Andy McLoughlin manages the growing U.S. presence for UK-headquartered cloud collaboration service Huddle and is responsible for corporate development and product strategy. 

Cloud computing has been one of the most talked about technologies for the last few years, and its impact on enterprise IT looks set to grow. Analyst firm Gartner has identified cloud computing as one of its top 10 strategic technology trends for 2012 and predicts that by 2015 the public cloud services market will be worth $176.8 billion.

However, more than half (52 percent) of CIOs at large enterprises across America questioned for a study by TheInfoPro revealed that internal change and learning were major barriers to cloud project success. Well, hope is often found in the most unlikely of places — enterprises need only look at how government organizations in the U.S., U.K and across Europe are successfully adopting the cloud for inspiration.

Governments worldwide are continually under pressure to do more with less. When it comes to maintaining the highest levels of public service, while reducing costs, technology has a vital part to play, and working towards ambitious spending cuts can nurture both creativity and innovation. Cloud computing is just one technology that has been embraced by government to help it achieve its efficiency goals.

With benefits such as flexibility, scalability, no upfront costs, lower total cost of ownership than legacy ICT systems and secure anywhere, anytime access, it’s not hard to see why the cloud has proved so attractive for government. In the U.S., a cloud-first policy has been adopted, which Obama’s administration hopes will reduce the government’s 2,100 data centers to 800 by 2015. In the U.K., the Cabinet Office’s latest strategy states that cloud computing should account for half of central government’s new ICT spending by the end of 2015.

However, the benefits of cloud computing for government go beyond simply driving cost savings. In many cases, the cloud is transforming the way people work together across organizations, geographical boundaries and political territories. Currently, Huddle is being used by more than 70 percent of U.K. central government departments, numerous regional governments and many healthcare organizations, enabling people to get their jobs done and improving how they work with colleagues.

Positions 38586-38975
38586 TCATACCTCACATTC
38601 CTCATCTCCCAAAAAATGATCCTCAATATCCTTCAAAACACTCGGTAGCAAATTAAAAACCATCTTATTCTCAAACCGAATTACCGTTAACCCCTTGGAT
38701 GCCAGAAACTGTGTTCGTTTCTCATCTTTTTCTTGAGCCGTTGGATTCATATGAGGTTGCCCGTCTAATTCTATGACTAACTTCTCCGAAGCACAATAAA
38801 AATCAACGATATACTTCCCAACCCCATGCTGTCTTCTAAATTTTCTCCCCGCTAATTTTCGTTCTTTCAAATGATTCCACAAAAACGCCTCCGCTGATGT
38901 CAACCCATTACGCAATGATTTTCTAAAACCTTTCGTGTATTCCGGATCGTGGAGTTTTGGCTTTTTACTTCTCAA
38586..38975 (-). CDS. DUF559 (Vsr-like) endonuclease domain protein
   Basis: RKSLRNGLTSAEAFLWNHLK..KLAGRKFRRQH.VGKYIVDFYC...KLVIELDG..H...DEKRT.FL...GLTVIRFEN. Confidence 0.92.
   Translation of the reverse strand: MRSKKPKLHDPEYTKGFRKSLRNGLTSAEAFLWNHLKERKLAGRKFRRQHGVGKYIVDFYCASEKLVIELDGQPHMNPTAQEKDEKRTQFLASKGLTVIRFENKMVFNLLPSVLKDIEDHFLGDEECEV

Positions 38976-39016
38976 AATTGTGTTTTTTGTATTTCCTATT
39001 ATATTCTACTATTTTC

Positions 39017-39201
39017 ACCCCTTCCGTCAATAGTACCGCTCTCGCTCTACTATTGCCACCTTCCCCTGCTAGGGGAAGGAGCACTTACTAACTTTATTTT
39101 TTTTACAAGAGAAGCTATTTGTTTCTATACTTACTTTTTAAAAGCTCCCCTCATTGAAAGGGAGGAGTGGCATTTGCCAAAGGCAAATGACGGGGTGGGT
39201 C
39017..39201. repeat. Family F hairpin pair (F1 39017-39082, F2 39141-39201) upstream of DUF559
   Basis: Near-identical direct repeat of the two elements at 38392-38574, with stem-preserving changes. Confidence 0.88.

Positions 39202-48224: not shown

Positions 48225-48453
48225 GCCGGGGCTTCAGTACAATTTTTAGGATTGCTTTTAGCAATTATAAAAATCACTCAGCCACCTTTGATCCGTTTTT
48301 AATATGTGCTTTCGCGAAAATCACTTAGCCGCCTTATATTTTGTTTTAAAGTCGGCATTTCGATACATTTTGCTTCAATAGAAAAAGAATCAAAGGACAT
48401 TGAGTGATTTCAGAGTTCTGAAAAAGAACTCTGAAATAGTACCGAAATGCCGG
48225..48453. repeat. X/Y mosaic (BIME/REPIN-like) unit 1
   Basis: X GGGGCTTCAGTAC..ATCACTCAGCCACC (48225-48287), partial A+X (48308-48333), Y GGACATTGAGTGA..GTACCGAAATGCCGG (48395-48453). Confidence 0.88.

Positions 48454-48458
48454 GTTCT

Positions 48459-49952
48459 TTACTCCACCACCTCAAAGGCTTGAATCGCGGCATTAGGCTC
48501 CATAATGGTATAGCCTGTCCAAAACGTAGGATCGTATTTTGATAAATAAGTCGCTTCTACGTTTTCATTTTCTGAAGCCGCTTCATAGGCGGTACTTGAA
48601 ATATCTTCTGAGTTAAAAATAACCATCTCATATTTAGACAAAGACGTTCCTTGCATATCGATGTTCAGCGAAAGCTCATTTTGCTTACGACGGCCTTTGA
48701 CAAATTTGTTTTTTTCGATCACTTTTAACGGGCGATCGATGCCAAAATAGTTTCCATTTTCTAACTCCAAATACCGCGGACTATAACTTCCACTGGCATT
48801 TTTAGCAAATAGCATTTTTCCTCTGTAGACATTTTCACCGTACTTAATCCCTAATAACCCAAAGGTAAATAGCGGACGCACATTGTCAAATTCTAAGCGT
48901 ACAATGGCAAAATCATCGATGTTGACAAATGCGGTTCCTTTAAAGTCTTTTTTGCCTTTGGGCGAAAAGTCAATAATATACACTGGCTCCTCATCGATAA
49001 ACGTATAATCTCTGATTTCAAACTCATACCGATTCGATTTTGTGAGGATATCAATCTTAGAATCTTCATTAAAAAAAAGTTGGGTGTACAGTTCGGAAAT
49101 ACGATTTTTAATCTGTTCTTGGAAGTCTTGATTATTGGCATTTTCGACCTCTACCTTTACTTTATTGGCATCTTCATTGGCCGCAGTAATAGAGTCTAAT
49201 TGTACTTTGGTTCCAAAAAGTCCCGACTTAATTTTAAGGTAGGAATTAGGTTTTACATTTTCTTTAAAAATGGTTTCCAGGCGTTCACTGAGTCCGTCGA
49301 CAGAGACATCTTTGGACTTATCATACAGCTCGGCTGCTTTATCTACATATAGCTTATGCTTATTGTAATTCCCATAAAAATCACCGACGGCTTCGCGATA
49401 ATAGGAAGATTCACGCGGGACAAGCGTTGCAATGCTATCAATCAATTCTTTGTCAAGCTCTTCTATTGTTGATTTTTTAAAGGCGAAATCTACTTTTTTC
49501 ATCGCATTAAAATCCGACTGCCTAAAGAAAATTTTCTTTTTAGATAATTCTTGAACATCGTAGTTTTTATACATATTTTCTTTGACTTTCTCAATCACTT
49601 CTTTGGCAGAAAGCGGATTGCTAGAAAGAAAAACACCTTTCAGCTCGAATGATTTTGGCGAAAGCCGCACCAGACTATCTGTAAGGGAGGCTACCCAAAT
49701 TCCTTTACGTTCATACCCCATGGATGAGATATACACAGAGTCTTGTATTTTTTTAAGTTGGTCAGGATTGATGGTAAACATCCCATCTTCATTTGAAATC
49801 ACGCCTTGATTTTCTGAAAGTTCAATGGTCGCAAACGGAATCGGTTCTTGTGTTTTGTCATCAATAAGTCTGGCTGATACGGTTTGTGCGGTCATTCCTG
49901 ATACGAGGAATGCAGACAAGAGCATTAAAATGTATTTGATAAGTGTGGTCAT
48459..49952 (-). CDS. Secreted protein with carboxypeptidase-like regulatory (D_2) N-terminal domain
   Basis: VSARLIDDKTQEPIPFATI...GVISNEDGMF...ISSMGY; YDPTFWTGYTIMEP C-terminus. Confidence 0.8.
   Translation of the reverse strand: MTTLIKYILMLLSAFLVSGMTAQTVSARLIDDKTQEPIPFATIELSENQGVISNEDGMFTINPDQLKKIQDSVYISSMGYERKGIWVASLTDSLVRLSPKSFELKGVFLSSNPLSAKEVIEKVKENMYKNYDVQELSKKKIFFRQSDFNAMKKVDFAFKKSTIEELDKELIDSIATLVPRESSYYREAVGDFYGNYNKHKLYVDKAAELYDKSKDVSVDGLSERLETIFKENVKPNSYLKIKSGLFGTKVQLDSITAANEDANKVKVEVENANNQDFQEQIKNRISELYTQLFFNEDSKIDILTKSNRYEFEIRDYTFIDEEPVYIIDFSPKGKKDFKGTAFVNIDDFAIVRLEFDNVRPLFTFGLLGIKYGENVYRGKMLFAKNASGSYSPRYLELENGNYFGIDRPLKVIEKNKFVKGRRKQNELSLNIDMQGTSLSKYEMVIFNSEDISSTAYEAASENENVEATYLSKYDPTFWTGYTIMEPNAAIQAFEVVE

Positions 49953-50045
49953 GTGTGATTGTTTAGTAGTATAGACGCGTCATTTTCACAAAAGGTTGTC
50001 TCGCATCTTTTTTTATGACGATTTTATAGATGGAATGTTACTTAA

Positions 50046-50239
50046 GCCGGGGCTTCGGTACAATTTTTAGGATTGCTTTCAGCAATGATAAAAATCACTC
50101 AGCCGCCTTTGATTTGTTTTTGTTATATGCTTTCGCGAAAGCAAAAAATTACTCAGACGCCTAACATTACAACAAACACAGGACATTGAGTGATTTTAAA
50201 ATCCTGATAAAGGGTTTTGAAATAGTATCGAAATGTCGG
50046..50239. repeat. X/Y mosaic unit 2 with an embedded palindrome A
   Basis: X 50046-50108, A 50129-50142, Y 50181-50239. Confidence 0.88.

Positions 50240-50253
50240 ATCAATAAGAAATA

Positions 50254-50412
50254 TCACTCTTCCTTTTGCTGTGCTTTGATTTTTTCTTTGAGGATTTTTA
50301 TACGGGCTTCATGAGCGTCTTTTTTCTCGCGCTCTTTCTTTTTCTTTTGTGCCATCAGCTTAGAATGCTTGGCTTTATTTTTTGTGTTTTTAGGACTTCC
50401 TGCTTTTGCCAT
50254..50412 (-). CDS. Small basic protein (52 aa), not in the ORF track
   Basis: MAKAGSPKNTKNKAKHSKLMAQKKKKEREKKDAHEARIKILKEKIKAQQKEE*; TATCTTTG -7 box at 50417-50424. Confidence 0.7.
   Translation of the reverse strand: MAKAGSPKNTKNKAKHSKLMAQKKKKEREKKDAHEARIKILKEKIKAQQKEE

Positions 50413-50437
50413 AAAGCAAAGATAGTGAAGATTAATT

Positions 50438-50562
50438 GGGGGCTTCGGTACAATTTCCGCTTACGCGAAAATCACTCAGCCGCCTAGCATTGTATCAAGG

At VentureBeat’s upcoming CloudBeat event (November 30-December 1), you’ll have the opportunity to hear from Michaela Drummond, Information Management and Technology Practitioner of the UK Meteorological Office. The Met Office is the UK’s National Weather Service. It has a long history of weather forecasting and has been working in the area of climate change for the more than two decades. Employing more than 1,700 people at more than 60 sites around the world, the organization was faced with the issue of enabling its workforce to collaborate on scientific documents across the firewall. On a daily basis, people needed to work with other UK government departments, partners and stakeholders. Already used by other government departments, the Met Office deployed Huddle, and it wasn’t long before it had replaced SharePoint for project management, task management and file sharing.

The fact that Huddle can be set up in hours and used immediately meant it was ideal for supporting teams working with the Rwandan Meteorological Service, providing training to meteorologists and sharing their forecasting expertise with Rwandan weather experts. In less than a few hours workspaces had been created for staff, and Huddle has now been used to facilitate collaboration by Met Office staff in Rwanda for more than a year.

This is a great example of how the cloud can revolutionize the way people work. To hear more of Michaela’s experience first-hand, come along to her session.

CloudBeat 2011 takes place Nov 30 – Dec 1 at the Hotel Sofitel in Redwood City, CA. Unlike any other cloud events, we’ll be focusing on 12 case studies where we’ll dissect the most disruptive instances of enterprise adoption of the cloud. Speakers include: Aaron Levie, Co-Founder & CEO of Box.net; Amit Singh VP of Enterprise at Google; Adrian Cockcroft, Director of Cloud Architecture at Netflix; Byron Sebastian, Senior VP of Platforms at Salesforce; Lew Tucker, VP & CTO of Cloud Computing at Cisco, and many more. Join 500 executives for two days packed with actionable lessons and networking opportunities as we define the key processes and architectures that companies must put in place in order to survive and prosper. Register here. Spaces are limited!